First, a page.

Posts Tagged ‘Keir Starmer’

The Board of Deputies of British Jews: Tory, Rich, Fanatically Zionist, Unrepresentative and ‘an Affront to Democracy’

January 15, 2020

Mike has put up several pieces this week commenting on the decision of all five contenders for the Labour leadership – Lisa Nandy, Keir Starmer, Jess Phillips, Rebecca Long-Bailey and Emily Thornberry – to sign a series of ten pledges devised by the Board of Deputies of British Jews on how they will tackle anti-Semitism in the Labour party. This has outraged Mike and a very large number of other Labour supporters and members, because it is a capitulation to the Board. It effectively cedes to the Board extremely wide-ranging and draconian powers over who can be accused of anti-Semitism, and how they should be tried, judged and punished. Mike and the other commenters, bloggers and activists on this issue have extensively criticised the document and how it represents a very serious breach of natural justice. For example, those accused of anti-Semitism are more or less to be treated as guilty simply through the accusation, and expelled promptly. I’ve made the point as an historian with an interest in the European witch hunts of the Middle Ages and 16th and 17th centuries that accused witches could expect a fairer trial than the kangaroo courts set up by the Labour party, and which are demanded by the Board and their satellite organisations within the party, like the Jewish Labour Movement. Some of the demands made by the Board very much resemble the way cults and totalitarian states exercise total control over their members’ lives. For example, another of the provisions demands that existing members do not have anything to do with those expelled for anti-Semitism. This is exactly like the way cults and less extreme religious sects demand that their members have nothing to do with those outside them, thus cutting ties with family and friends.

The Board is also not a credible judge of what constitutes anti-Semitism. They have been extremely bad on the issue on anti-Semitism in the Labour, acting in bad faith and deliberately falsifying its extent, supporting evidence and maligning and smearing decent women and men.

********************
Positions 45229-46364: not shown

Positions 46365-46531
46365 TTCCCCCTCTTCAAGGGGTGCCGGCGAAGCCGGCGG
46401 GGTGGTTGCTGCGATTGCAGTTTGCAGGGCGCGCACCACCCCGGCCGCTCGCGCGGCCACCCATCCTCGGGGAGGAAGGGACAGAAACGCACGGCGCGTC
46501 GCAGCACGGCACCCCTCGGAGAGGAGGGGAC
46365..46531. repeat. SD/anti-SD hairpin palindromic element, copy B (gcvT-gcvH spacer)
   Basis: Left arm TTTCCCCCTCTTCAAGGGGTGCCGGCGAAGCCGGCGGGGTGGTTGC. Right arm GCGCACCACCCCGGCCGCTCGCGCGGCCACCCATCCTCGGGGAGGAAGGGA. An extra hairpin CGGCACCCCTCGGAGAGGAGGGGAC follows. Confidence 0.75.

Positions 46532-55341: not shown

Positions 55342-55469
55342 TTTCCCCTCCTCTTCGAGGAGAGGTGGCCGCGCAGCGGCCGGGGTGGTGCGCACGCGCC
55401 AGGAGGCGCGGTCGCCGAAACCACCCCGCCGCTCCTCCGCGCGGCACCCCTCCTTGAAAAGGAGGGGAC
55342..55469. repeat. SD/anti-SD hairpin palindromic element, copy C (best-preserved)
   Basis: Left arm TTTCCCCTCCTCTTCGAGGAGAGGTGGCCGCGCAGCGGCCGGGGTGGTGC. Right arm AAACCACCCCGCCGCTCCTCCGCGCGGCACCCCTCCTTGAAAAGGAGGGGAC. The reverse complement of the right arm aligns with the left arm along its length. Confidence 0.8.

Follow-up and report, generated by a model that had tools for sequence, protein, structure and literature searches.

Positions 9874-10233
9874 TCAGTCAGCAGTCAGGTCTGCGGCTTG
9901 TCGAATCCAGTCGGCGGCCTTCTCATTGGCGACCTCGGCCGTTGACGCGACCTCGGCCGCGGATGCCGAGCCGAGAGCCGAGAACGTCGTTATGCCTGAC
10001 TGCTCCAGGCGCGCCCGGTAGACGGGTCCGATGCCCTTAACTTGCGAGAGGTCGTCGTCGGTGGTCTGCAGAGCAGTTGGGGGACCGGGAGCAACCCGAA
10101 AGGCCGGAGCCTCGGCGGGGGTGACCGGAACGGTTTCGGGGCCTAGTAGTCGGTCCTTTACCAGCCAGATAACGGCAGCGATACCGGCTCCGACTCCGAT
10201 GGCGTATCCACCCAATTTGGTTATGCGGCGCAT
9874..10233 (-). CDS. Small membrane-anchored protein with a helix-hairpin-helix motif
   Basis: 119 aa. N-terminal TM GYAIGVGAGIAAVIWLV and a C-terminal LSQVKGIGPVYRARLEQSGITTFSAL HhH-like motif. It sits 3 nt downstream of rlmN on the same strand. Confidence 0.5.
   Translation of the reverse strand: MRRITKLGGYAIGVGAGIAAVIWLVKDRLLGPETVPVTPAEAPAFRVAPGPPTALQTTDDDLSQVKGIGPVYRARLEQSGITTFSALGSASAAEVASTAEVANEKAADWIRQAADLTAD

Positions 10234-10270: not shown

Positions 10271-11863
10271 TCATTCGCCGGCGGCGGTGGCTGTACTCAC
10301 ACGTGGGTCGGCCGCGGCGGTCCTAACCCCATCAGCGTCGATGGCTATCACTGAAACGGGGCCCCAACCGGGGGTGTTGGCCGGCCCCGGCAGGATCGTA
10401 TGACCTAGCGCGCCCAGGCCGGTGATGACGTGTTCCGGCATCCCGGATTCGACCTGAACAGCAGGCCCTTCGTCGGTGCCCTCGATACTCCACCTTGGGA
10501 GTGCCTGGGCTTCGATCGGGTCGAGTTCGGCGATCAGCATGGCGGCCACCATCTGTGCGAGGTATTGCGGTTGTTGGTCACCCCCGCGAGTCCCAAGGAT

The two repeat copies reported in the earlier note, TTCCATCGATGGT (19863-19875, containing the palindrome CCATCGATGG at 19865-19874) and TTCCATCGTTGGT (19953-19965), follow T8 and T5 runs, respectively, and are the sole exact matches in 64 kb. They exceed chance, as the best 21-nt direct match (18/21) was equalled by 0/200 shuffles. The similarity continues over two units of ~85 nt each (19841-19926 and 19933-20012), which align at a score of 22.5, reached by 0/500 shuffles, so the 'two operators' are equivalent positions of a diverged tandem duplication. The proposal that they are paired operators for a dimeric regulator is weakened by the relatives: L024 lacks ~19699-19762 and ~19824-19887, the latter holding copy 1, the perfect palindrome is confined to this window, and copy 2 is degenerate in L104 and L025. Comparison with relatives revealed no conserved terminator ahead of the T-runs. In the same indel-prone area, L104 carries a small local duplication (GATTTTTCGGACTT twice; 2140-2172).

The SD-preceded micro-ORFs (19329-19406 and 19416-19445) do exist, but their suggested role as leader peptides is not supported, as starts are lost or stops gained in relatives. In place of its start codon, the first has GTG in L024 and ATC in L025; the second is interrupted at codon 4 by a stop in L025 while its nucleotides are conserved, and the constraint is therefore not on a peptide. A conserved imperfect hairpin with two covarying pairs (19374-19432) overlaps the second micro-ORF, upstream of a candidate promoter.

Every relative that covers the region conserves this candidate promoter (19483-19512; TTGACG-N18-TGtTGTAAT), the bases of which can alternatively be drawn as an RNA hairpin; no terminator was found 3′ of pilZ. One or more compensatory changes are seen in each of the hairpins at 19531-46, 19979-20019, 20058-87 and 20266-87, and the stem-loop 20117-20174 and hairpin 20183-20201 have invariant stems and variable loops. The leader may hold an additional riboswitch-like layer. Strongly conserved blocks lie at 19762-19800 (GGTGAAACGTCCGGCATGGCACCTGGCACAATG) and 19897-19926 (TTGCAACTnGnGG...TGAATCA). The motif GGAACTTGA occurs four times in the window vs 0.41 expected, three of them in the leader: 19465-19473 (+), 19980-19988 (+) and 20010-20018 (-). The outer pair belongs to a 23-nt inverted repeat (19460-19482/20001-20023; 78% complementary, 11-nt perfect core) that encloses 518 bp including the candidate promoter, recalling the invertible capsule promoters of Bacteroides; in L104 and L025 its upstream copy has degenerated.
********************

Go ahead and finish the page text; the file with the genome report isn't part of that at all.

Their motives throughout their pursuit of this issue has certainly been not to defend Jews against anti-Semitism. Rather, like their counterparts elsewhere in the Jewish establishment – the Chief Rabbinate, the Jewish press and the Jewish Leadership Council – it has been extremely party political. The goal has been to oust Corbyn as leader of the Labour party, purge it of his supporters and prevent it coming to power. Not because Corbyn is an anti-Semite – he isn’t by any objective standard – but because he is a staunch anti-racist and a critic of Israel’s slow-motion ethnic cleansing of the Palestinians. And as Tories, like the rest of the Jewish establishment, they were also frightened by a movement within the Labour party that would restore power and dignity to working people, including Jews. David Rosenberg has made the point on his ‘Rebel Notes’ blog that the Board and its ilk do not represent Jews, who are working or lower-middle class – yes, they exist! – they don’t represent the Jewish disabled, the Jews who work in or use the public services. And they don’t give a damn about racism and real anti-Semitism. He has described how, when he was a young activist in ’70s and ’80s, the Board did its level best to stop Jews going on anti-racism demonstrations and gigs like ‘Rock Against Racism’. Ostensibly this was to protect the young and impressionable from anti-Zionist propaganda. But others suspected the real reason was that they had zero interest in joining protests against discrimination and hate against Blacks and Asians. And Tony Greenstein, another staunch Jewish critic of Israel and fierce opponent of racism and Fascism in all its forms, has described how, in the 1930s, when British Jews were in real existential danger from Mosley and other genuine Fascist and Nazi groups, the Board did nothing to encourage them to resist. When Mosley and his storm troopers marched through the East End of London to intimidate and terrorise the Jews and other minorities there, the Board meekly told them to stay indoors. Fortunately there were Jews, who didn’t believe in passively tolerating the BUF, and joined with the Communists, unions and other left-winger to give Mosley’s thugs the hiding they richly deserved.